Artist Space Development: Making the Case

The Urban Institute,
01 April 2008, USA

The development of affordable spaces for artists to live and/or work is certainly an important matter for artists, but it can also be an important issue for people concerned with a range of social issues, including economic development, civic engagement, community collective action, and community quality of life. This report considers how artist space developments have been positioned and the arguments made to garner support for them, the advocacy strategies used, and the impacts claimed or anticipated.

In recent years, leaders in the fields of the arts, community development and urban planning have begun to turn their attention to artists’ space development projects, including live-work spaces, studios, affordable housing for artists, and artist-run multipurpose spaces. While many different kinds of these developments exist around the country, little research has focused on how artist space projects come to fruition or on the kinds of impacts they have on artists and communities.

To begin to address this void, the Urban Institute, commissioned by a national initiative dedicated to providing a range of supports for artists called Leveraging Investments in Creativity (linc), conducted a research study that focused on selected artist space projects in seven cities throughout the United States. Rather than an exhaustive examination of all artist space developments, researchers focused primarily on the most prominent development projects that could serve as examples of a range of approaches.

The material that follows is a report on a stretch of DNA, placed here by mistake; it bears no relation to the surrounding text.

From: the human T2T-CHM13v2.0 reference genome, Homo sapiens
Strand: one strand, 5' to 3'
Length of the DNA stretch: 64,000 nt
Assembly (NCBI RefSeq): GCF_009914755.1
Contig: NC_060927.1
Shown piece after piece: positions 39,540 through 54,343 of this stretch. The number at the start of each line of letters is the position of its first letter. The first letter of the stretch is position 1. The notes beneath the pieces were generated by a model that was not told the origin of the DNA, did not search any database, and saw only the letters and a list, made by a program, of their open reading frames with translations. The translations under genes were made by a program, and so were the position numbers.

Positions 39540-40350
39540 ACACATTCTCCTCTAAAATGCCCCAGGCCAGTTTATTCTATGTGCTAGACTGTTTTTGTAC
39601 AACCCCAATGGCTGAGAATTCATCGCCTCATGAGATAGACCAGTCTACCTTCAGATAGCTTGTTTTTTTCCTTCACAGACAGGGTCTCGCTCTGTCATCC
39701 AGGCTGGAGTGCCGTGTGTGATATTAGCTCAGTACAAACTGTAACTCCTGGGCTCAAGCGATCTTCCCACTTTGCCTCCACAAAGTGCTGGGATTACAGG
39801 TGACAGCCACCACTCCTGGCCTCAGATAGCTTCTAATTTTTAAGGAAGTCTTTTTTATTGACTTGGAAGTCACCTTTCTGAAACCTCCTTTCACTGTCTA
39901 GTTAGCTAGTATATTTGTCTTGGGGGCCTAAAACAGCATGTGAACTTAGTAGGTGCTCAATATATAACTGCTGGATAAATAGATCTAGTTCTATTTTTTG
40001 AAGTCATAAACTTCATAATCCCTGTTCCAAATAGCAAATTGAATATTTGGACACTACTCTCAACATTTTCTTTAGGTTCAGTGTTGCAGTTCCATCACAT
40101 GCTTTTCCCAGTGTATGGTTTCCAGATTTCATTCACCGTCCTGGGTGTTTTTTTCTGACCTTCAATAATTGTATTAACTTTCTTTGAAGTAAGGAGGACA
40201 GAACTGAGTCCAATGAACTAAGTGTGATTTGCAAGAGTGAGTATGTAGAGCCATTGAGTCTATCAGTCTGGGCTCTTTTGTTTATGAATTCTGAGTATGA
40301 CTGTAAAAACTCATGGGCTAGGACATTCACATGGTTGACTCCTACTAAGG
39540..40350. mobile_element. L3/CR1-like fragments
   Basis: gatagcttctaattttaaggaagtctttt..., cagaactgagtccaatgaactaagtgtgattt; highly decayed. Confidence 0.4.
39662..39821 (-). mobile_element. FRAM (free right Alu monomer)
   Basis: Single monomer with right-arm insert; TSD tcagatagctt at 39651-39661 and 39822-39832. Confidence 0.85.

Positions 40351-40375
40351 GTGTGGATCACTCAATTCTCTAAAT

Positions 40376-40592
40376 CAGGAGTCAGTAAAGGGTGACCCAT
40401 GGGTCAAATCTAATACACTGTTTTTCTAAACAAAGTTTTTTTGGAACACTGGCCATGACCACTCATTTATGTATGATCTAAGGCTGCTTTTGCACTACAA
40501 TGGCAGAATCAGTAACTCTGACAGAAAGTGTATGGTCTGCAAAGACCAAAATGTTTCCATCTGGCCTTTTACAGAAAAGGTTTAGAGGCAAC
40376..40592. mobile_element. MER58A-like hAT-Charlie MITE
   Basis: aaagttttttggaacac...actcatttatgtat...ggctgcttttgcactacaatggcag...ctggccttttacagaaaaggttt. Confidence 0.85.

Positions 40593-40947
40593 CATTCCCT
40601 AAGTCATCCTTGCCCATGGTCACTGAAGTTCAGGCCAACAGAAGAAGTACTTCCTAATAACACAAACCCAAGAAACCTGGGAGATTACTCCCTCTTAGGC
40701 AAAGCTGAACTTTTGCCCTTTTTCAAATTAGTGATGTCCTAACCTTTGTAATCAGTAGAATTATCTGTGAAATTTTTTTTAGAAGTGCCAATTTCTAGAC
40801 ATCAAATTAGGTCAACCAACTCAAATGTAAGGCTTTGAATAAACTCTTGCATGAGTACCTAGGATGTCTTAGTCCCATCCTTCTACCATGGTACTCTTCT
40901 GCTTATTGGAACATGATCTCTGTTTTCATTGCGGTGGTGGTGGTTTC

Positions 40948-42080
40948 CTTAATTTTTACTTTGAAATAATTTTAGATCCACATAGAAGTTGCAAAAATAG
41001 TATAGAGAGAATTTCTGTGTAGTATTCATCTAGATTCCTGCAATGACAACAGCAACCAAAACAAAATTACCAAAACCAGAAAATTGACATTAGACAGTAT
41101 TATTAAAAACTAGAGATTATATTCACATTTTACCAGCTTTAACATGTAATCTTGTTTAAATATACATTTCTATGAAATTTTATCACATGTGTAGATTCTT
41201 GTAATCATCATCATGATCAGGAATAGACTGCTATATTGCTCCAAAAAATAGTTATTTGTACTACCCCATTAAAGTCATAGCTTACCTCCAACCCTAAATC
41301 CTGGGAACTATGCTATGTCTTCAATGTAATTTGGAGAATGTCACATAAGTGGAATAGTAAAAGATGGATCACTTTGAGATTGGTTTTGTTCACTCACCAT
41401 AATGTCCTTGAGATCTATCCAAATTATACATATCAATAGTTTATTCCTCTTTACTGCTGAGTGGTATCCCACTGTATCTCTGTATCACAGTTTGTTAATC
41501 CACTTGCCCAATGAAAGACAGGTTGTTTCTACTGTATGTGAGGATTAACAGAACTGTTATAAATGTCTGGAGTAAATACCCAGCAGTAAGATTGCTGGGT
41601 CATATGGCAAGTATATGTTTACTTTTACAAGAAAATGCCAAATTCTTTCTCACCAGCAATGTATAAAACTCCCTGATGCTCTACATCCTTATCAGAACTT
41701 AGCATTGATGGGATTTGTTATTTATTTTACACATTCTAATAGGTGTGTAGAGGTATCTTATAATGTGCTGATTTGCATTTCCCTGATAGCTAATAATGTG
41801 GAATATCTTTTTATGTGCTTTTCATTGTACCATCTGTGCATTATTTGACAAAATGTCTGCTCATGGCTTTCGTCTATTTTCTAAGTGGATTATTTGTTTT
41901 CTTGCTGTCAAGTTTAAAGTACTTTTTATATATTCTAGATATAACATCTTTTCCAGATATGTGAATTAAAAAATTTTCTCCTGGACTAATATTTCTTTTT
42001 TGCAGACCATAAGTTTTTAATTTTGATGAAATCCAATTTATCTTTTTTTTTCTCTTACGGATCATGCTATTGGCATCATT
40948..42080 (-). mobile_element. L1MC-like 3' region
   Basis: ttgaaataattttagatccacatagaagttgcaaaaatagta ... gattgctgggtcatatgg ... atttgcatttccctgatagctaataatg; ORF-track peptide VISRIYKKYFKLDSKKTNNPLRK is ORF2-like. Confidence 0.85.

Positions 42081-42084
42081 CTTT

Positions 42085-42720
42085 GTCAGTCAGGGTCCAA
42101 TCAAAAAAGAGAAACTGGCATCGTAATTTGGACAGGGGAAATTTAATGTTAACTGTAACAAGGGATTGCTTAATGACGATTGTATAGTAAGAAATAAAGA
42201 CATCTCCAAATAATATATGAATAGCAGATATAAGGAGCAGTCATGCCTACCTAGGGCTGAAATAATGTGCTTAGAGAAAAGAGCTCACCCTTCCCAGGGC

Artists, developers, foundations and corporate sponsors, lenders, private investors, municipal leaders, advocates become involved in the development of artists’ spaces for many reasons, including:To create spaces suitable for artists’ special needs
To create or enhance artists’ communities and stimulate the production of innovative art work
To catalyze economic investment in disinvested neighborhoods
To bring more vibrancy to blighted areas, sometimes as a business venture
To give places a competitive economic edge as well as an advantage in terms of quality of life

The report discusses
(a) how the developments, which have required the infusion of outside resources, have positioned themselves and the arguments they have made to garner support;
(b) the advocacy strategies they have pursued; and
(c) the impacts they claim and/or anticipate.